Senators Attack Dwi Apps

On Tuesday, 4 U.S. Senators asked Apple, Google, and Blackberry to stop the use of DWI Checkpoint Apps. In the letter the Senators appeal to the corporation’s “desire to end the scourge of drunk driving. They further address the capability of these apps to notify users in real-time of the location of DWI checkpoints.

DWI Checkpoints are a horribly inefficient way of making DWI arrests. They require a tremendous amount of manpower. While they are Constitutional, the Government has to jump through substantial hoops before the results of a checkpoint DWI arrest will be admissible in court. Typically an officer must have reasonable suspicion before they can stop a driver. That means the officer must have observed the driver committing some sort of traffic or criminal violation. Checkpoints obviously don’t meet that requirement. Every car gets stopped without reason.

Because there is no reasonable suspicion to stop the driver, the checkpoint must meet a number of requirements to be Constitutional. They must be designed in response to some demonstrated need, they must be set up in such a way that the officers don’t have discretion on who gets stopped, and finally they must not be stop drivers for an excessive amount of time. Proving Constitutionality in court requires the presence of several officers. Many of whom are typically higher ups in the police force.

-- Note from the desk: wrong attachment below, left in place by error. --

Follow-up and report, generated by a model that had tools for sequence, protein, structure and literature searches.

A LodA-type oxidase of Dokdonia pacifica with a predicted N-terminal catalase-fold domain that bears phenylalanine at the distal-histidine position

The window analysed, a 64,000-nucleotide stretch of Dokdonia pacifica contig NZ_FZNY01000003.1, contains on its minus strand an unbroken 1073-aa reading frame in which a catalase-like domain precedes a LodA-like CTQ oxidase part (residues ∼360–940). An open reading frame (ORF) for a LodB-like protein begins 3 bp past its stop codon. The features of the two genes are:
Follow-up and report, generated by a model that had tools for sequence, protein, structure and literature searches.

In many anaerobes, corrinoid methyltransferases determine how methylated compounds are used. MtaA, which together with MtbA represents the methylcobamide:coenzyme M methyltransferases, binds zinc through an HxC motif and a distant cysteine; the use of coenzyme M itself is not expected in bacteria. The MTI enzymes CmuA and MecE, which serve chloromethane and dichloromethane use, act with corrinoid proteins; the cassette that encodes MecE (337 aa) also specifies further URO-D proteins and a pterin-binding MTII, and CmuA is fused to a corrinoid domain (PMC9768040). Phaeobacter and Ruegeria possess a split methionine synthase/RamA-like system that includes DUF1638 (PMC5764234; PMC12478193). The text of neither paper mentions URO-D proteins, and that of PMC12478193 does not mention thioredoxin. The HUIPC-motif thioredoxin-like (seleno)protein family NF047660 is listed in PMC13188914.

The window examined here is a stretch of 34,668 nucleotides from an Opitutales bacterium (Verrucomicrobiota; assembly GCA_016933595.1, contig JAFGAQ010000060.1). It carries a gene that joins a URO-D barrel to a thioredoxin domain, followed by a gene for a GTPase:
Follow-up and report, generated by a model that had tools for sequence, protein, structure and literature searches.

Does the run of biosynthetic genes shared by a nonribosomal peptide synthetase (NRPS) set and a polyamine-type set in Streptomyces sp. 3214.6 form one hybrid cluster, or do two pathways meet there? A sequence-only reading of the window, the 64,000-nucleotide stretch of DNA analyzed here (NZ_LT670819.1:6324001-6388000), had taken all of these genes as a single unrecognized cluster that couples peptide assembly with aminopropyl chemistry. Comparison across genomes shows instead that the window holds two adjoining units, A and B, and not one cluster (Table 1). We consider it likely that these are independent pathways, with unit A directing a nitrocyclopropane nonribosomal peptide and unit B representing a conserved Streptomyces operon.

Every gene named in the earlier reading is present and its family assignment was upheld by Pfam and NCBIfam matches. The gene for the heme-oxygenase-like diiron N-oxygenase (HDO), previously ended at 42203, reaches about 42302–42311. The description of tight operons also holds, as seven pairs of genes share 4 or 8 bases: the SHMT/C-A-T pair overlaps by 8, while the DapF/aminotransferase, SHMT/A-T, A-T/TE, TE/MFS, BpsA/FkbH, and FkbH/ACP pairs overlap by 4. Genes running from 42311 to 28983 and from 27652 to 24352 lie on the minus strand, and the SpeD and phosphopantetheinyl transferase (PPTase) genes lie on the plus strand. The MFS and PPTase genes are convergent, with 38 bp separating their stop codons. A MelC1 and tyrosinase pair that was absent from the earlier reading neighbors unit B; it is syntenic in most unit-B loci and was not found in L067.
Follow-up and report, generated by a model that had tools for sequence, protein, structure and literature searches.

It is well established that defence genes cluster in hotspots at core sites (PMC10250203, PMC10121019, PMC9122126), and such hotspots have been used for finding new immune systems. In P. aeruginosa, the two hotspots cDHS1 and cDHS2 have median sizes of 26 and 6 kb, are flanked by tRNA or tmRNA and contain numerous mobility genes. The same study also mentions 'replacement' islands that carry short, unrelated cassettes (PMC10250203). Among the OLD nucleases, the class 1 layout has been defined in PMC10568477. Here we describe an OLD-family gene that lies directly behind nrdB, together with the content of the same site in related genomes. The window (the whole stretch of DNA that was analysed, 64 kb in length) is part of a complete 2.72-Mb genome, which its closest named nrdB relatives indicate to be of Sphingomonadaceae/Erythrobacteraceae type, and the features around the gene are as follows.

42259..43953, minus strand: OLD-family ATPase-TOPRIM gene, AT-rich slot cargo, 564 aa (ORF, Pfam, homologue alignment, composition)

Driving behavior is usually a strong factor in prosecuting DWI cases. It is a much stronger case where an officer stops someone for swerving all over the road. However, in most checkpoint cases there is no meaningful driving behavior. All things being equal it is easier for a Fairfax DWI Attorney to win a checkpoint case than a standard DWI case.

Also checkpoints don’t usually produce substantial numbers of arrests. A quick check of recent results shows a checkpoint with 720 stops and only 4 arrests. Another with 351 stops and only 1 arrest. Another with 738 stops and 3 arrests. And another with nearly 1000 stops and 0 arrests.

So they are hard to prove, require a lot of manpower and testimony, present Constitutional issues, and aren’t particularly good at producing results. So why do them? The simple answer is deterrence. When people are driving to the bar at 11 and see a checkpoint on there way home, they are more likely to call cabs. Plain and simple the all inclusive nature of checkpoints scare people. The fact that you can’t talk your way out of it scares people. The sheer showing of force scares people. To that extent the more people that know about checkpoints the better. Ironically, to that end the Senators attempt to stop drunk driving by eliminating the apps is entirely misplaced.